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VOLUME 20, NO. 4 Winter 2002


Bidding for Bats
A Tense Auction Buys Protection for a Critical Tennessee Cave
Jim Kennedy

Time had all but run out for the bats of Wolf River Cave when the alarm sounded at BCI last July. The cave was going on the auction block in less than two weeks and the key bidder was planning to commercialize the cave, harvest the surrounding timber, and develop the area. Tennessee's second-largest hibernation colony of endangered Indiana myotis (Myotis sodalis) would likely perish.But in a remarkable cooperative coup, three conservation groups - Bat Conservation International, The Nature Conservancy of Tennessee, and the Southeastern Cave Conservancy - managed in a few days to come up with $74,000 to enter the auction. It took every dime, but the cave and 33 acres of surrounding countryside near Jamestown, Tennessee, are now safe.

Wolf River Cave, filled with dramatic rock formations, is more than eight miles long. A "wet cave," it acts as a conduit that carries a stream of water runoff from a huge surface area into an underground aquifer. Cutting the timber over the cave could drastically alter its environment.

Indiana myotis are notoriously picky about their hibernation sites. BCI research shows that these bats need hibernation caves and mines that meet precise temperature requirements and that are structured in such a way that the roost stays cold enough for the bats to hibernate in the fall without freezing in the winter. Relatively few caves or mines meet these criteria, and human incursions often alter conditions and leave the roosts unusable.

Wolf River Cave is the winter hibernation home for some 2,500 Indiana myotis, as well as smaller numbers of endangered gray myotis (Myotis grisescens) and Rafinesque's big-eared bats (Corynorhinus rafinesquii). The cave also includes important archaeological and paleontological features, including ancient human footprints and the bones of long-extinct jaguars.

But the cave's entrance is conspicuously large and visible from a nearby road. The need for protection became especially clear two years ago, when cavers found the remains of about 40 bats that obviously had been intentionally knocked off the walls and killed. BCI helped finance installation of a bat-friendly gate on the cave later that summer.

The problem seemed solved until the heirs who owned the 474-acre farm that includes the cave decided to put the property up for auction. The farm was divided into 28 parcels for the sale.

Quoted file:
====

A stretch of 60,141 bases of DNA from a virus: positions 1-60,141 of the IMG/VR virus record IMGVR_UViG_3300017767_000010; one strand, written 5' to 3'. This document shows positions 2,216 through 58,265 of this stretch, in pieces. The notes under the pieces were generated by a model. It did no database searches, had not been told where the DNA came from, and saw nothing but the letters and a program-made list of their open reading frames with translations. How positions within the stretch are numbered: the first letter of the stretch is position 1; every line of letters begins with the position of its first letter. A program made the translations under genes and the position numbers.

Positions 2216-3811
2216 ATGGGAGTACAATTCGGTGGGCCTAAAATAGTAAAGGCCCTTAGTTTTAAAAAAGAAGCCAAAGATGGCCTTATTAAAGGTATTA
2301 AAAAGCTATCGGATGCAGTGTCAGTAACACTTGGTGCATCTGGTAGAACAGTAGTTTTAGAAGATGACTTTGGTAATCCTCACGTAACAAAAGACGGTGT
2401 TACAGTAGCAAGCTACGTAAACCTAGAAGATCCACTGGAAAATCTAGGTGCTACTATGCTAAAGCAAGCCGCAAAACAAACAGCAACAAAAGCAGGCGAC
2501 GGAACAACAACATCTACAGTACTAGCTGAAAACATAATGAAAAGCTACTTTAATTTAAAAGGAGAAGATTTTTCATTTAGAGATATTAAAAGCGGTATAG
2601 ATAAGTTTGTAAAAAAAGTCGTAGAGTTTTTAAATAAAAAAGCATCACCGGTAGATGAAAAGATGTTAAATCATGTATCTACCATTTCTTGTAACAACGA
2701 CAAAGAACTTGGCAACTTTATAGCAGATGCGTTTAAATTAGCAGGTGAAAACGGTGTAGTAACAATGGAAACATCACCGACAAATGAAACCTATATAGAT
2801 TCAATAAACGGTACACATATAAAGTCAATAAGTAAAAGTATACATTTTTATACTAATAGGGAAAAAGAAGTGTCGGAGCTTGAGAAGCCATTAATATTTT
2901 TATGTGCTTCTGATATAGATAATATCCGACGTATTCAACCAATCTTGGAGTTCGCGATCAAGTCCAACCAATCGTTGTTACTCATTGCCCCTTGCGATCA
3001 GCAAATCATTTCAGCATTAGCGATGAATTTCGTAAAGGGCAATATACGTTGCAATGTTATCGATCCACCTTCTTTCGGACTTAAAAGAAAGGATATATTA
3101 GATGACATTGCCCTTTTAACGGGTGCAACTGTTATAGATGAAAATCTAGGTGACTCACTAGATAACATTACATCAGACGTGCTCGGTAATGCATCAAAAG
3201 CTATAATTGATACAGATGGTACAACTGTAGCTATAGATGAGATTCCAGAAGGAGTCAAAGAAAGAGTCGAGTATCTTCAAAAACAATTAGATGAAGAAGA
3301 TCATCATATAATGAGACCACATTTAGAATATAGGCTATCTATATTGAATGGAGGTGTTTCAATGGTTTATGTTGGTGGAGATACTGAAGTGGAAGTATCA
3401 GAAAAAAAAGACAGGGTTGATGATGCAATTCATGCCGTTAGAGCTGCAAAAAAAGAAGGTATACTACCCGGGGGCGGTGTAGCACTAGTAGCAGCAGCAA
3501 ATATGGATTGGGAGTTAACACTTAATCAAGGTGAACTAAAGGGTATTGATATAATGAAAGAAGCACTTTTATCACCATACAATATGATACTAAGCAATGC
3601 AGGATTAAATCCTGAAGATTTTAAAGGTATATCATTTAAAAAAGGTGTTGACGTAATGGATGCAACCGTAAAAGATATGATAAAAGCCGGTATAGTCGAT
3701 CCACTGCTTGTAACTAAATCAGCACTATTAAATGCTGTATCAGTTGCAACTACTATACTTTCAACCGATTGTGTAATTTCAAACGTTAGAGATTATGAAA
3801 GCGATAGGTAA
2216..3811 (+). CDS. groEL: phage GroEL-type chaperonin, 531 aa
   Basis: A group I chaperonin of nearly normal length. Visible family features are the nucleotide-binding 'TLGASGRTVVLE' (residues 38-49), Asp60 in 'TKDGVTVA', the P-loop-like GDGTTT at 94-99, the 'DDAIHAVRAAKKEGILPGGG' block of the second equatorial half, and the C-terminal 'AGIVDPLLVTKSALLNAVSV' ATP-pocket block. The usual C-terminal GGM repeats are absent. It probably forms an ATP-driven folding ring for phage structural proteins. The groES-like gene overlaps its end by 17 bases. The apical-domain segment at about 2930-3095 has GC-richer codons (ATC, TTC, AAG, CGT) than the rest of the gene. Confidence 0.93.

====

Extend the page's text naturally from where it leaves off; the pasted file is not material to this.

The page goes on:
That's when Roy Powers, the world's premier cave gater, BCI workshop instructor, and engineering professor at Mountain Empire Community College in Virginia, entered the picture. Powers called BCI with an urgent warning: Wolf River Cave was being auctioned off July 20 and commercialization was likely unless conservationists intervened.

We immediately called The Nature Conservancy's Tennessee Chapter, which had been working for five years to protect the cave. Director of Protection Gabrielle Call said TNC was aware of the sale and the risk to the cave but could offer only about $31,000 - not nearly enough.

Next we contacted the Southeastern Cave Conservancy, Inc., where Acquisitions Chairman Mark Wolinsky said the group, after an emergency board meeting, was ready to add $33,000 to the fund. BCI pledged $10,000 in case the bidding went higher still. The BCI pledge was covered by longtime members Chuck Pease and Cynthia Vann.

The complex financial arrangements, along with agreements on purchasing and managing the critical cave, were completed within three days and the partnership signed up for the auction, which began on an ominous note - the first bid was $50,000 and climbed quickly.

The would-be developer eventually pushed the bidding to $73,000, which the partnership topped with a bid of $74,000 - all the money we had to spend. It was enough and Wolf River Cave was saved.

The check was delivered and the sale completed on August 16. SCCi and TNC will jointly manage the cave, with BCI available for advice on bat conservation and research at the site. The cave will be fully protected when the bats are present, from September 1 to May 1, and available to cavers, with some restrictions, the rest of the year.

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JIM KENNEDY is BCI's Cave Resources Specialist.

 
All articles in this issue:
Helping Orphans Survive
Conserving Costa Rica's Bats
Nocturnal Navigators
Bidding for Bats
Bats Go Postal
Bats' Sonar 'Vision' May Help the Blind
Adding Bats to a Pest-Control Program
A Primer on Planned Giving
Help Plan the Future of Bat Conservation

Unless otherwise noted, all images are copyright ©Merlin D. Tuttle and/or ©Bat Conservation International